In scribendo brevitas, or on being concise.

I recently had a session where conciseness was the main topic raised. I offered advice at the time, but thought it useful to search around more and write up a summary for future reference.

Initially, the main advice is to consider that ‘Clear writing is clear thinking’ (Osmond, 2013: 128). A writer needs to check at the outset that they thoroughly understand the topic they are writing on and what the question is actually asking for, to prevent drifting and padding. One good way to do this is to explain the topic to someone. Alternatively, the writer can continuously ask themselves why a particular point, or phrase, is being used in the writing as it is develops. It can also help to plan an overarching structure in advance of any scribbling down, perhaps in a bullet point list or on a mind map, as well as dividing out the word count to each section; or to attempt the essay under mock exam conditions, before cherry-picking the most inspired ideas and organising the layout more carefully thereafter.

Once a clear plan of attack is realised, conciseness becomes key, especially when the word count is overshot. This is about seeking the shortest, yet most effective and accurate way of expressing the relevant ideas in the essay. It is often during the editing stage, or even in feedback, that conciseness rears its head.

So, the writer knows they’ve exceeded the word count. They’ve read the work over, possibly out loud, and cut a few bits here and there that seemed a bit superfluous or clumsy. They may even have realised that this sentence here began a tangent they didn’t need. But what else can possibly be cut?

Not in all cases is the following applicable, because the writing still has to make sense and convey the requisite information and ideas. But many of these small reductions can often be made in any work:

• In long quotations, sometimes the middle chunk is not needed, so an ellipsis or … can be inserted, provided that the rest of the quotation makes sense as a sentence, eg ‘I learned this, at least…: that if one advances confidently in the direction of his dreams…he will meet with a success unexpected in common hours’ (Henry David Thoreau, Walden).
• Reducing redundancy of meaning: personal opinion, in the WW1 conflict, band of musicians, despite the fact that, anticipate in advance, a short summary, three in number.
• An offshoot of this is reducing the repetition of a word, phrase, or term, which could be rewritten or paraphrased for both variety and succinctness.
• Can it be said in fewer words or sentences? This has the added benefit of being simpler, clearer, more purposeful, and doesn’t sound overly formal: Wales is thought by many to have beautiful and majestic scenery, which makes it so popular as a holiday destination. (20 words) –> The beauty and majesty of Wales secures it as a holiday destination. (12 words); He believed but could not confirm (6 words)–> He assumed (2 words); subsequent to –>after; on the grounds that–> because/given; is able to –> can; a number of–> several.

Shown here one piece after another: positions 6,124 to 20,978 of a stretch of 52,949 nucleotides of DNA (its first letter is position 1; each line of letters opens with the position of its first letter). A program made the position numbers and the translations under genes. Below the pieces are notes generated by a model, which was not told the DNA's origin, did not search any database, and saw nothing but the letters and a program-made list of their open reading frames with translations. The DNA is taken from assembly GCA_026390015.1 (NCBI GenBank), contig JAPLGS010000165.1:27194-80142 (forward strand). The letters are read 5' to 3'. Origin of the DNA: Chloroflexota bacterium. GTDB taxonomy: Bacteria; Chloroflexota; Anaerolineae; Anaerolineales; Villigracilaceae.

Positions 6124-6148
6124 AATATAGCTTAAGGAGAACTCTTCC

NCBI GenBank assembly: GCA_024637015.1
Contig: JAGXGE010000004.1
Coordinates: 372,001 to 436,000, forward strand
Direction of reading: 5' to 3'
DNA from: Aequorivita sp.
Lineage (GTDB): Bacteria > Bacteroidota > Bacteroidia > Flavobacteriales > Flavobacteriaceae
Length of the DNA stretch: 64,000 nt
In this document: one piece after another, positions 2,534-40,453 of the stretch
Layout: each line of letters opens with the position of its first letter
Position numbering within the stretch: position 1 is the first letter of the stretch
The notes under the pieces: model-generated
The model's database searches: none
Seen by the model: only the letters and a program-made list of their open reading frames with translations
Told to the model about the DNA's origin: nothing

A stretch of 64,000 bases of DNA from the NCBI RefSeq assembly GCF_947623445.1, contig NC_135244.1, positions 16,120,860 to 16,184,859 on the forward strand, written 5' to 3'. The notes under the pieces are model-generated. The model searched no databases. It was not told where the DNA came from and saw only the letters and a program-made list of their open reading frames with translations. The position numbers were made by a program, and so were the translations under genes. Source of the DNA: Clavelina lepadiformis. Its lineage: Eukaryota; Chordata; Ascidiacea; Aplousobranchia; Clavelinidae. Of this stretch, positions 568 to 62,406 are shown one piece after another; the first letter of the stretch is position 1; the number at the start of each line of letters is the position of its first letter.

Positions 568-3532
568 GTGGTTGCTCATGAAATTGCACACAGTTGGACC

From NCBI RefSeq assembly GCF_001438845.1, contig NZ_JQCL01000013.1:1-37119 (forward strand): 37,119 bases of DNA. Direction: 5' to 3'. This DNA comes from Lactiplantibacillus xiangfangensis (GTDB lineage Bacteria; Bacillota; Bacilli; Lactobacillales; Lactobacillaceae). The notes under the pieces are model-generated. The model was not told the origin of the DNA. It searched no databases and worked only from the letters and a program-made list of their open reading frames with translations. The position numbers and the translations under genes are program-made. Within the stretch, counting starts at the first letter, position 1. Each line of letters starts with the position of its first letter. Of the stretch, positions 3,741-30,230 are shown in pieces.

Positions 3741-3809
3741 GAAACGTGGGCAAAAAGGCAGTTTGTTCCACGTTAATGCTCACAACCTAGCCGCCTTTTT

• Omit filler words which only embellish needlessly or can even offer too much hesitation for academic writing, where tangible examples or statistics might have been more useful: really useful, very interesting, somewhat problematic, definitely, actually.
• Omit weak and superfluous phrases: There is a telling passage…, In the event that…, At the moment…, For all intents and purposes…, in the area/field of …, it has been said that (better to put the actual reference?).
• Avoid clichés: face the music, first and foremost.
• Avoid negative phrases, which are wordier and harder to comprehend than the positive equivalents: If you do not want to get into trouble when submitting an essay, you should not copy other people’s work without citing them in an act of plagiarism. (28 words) –> Avoid plagiarism and penalisation when submitting work, by citing other people’s work in an essay. (15 words)
• Choose verbs over noun phrases, adjectives, or prepositional phrases, which cuts down on words and makes the work more active and decisive in tone: The report gave an analysis (5 words) –> the report analysed (3 words); are suggestive –> suggest; the reason for the failure of the basketball team in the final game (13 words) –> the basketball team lost the game because (7 words).
• Also use the active voice where possible: Students were set an exam by the University (8 words) –> The University set students an exam (6 words).

In short (pun intended!), it may be painful to cut into the labour of love and forgo the eloquence the writer has polished over many weeks, even months. However, academic writing is for purpose and not for poetry. So the sooner a pragmatic intent is realised, the easier it will be to shape the work without too many tears at the end. One analogy I like to use, from personal experience of being terrible at it, is if I had to pack light and only take one small suitcase on a weeks’ trip, what would absolutely have to go in, what could I easily live without, and if there were any spare room, what would my priority list look like and why?

Summarised references:

Osmond, Alex (2013). Academic Writing and Grammar for Students. London: SAGE Publications. (In Peer Mentor library).

http://www.dailywritingtips.com/8-steps-to-more-concise-writing/https://owl.english.purdue.edu/owl/resource/572/01/
https://writing.wisc.edu/Handbook/Clear,_Concise,_and_Direct_Sentences.pdf
http://writingcenter.unc.edu/handouts/conciseness-handout/
http://elcos.bangor.ac.uk/acadwrit.htm

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